The chosen one is Ian James Parsley, a North Down councillor elected only by the transfers of David Alderdice. The fact that Mr Parsley has only ever stood for election once, and achieved a princely 40% of a quota in one of the most Alliance-friendly parts of Northern Ireland, does not inspire confidence in the party's expectations. The fact that Mr Parsley thinks that the European Parliament is "the most powerful parliament in the world" does not inspire confidence in his knowledge of European or world affairs.

Nonetheless, we can expect the media to talk up Mr Parsley's chances and to present him as the White Knight that Northern Ireland has been waiting for. Whether he scores better than the 6.6% received by the 'unity' candidate in 2004 (John Gilliland – where is he now?), or the paltry 2.1% received by the Alliance party in 1999, we will have to wait and see. Only two things are certain – he will not be elected, and any votes he receives will be at the expense of the UUP and the SDLP.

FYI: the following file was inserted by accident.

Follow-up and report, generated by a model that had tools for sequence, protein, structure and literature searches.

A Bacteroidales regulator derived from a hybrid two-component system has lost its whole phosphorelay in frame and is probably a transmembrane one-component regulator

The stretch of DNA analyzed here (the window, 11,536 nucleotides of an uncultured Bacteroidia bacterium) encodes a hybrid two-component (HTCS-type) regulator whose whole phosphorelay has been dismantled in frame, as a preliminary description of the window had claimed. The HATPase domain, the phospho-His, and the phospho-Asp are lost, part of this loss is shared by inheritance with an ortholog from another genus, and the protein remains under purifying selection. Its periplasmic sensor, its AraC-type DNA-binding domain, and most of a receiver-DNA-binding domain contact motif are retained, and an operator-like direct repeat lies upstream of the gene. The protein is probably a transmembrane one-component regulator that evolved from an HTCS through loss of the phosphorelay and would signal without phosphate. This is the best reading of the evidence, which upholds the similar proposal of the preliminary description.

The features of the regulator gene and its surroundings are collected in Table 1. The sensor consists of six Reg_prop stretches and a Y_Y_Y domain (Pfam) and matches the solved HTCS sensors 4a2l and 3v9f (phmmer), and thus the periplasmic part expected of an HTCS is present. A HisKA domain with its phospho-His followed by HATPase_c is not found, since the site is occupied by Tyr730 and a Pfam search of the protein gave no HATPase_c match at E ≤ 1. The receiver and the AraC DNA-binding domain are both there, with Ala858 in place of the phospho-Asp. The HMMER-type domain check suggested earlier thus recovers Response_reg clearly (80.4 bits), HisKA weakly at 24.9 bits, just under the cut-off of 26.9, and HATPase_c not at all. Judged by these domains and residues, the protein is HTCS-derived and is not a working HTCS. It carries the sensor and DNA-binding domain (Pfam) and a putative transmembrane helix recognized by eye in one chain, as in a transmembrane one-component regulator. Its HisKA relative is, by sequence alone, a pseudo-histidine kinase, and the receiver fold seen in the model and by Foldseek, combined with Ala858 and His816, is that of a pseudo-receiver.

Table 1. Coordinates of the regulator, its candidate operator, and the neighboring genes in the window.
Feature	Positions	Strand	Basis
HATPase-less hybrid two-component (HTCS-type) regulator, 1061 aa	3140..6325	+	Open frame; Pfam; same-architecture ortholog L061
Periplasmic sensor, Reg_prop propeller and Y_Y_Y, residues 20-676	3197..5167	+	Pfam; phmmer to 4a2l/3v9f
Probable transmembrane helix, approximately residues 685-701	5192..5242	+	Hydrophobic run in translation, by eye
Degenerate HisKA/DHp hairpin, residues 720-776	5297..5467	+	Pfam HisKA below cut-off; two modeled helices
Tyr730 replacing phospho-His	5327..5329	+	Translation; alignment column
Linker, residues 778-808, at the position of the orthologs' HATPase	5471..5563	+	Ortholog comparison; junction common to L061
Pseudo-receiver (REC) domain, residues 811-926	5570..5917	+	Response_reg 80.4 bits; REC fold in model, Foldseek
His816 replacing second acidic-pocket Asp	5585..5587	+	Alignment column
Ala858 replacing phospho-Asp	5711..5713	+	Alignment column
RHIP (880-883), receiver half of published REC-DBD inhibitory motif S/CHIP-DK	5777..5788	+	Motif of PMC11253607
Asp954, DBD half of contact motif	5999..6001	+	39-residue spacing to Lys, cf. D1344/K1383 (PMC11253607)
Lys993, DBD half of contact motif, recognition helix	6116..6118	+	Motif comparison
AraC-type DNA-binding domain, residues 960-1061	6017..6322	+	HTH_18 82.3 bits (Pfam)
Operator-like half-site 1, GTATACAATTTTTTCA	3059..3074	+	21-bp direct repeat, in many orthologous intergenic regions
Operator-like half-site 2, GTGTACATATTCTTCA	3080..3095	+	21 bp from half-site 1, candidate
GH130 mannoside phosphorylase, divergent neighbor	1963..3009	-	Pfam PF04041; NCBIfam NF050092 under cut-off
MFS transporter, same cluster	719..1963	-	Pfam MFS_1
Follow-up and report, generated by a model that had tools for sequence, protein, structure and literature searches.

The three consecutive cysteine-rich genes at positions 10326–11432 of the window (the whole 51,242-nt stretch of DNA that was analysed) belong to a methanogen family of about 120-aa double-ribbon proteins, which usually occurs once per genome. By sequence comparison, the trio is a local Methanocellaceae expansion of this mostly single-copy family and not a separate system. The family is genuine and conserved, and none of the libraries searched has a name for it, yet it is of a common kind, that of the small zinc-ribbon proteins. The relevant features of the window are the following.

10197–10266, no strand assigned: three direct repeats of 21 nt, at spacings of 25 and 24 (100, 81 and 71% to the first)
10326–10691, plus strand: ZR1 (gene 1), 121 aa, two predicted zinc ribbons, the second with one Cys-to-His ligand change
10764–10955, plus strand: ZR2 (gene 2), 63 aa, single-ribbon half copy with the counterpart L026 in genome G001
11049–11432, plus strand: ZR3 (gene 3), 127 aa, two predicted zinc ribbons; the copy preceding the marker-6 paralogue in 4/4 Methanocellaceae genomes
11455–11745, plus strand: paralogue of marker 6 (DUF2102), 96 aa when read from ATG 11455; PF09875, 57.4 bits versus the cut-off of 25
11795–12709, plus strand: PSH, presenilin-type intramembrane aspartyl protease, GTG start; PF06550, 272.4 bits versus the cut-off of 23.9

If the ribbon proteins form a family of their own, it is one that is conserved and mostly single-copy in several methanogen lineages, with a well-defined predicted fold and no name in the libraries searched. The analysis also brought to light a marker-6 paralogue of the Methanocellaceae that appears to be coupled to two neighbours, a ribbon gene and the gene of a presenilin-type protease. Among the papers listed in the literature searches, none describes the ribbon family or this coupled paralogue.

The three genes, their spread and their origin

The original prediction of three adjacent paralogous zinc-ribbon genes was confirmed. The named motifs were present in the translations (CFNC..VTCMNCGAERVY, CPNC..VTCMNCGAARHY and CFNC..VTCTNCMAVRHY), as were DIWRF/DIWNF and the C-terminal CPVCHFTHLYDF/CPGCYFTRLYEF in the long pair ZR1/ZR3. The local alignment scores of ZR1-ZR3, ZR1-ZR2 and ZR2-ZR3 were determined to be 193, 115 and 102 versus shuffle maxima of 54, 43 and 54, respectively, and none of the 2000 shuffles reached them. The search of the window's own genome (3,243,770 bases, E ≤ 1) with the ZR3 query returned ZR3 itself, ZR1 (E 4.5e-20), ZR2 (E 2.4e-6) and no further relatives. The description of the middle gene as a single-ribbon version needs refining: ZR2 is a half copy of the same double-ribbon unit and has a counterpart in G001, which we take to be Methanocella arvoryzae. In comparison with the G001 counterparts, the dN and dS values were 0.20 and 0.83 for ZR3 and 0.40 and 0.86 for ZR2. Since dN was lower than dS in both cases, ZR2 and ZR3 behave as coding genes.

It is possible that the Alliance Party has not really considered the effects of its candidature on the eventual outcome. If its voters would have voted for the UUP candidate in the absence of an Alliance candidate, then the effect of standing an Alliance candidate may be to rob Nicholson of his seat and hand it to the SDLP. But if Alliance voters would have otherwise voted equally for the UUP and the SDLP (as the evidence of the transfer of Gilliland's votes in 2004 seems to imply), then the effect might be neutral.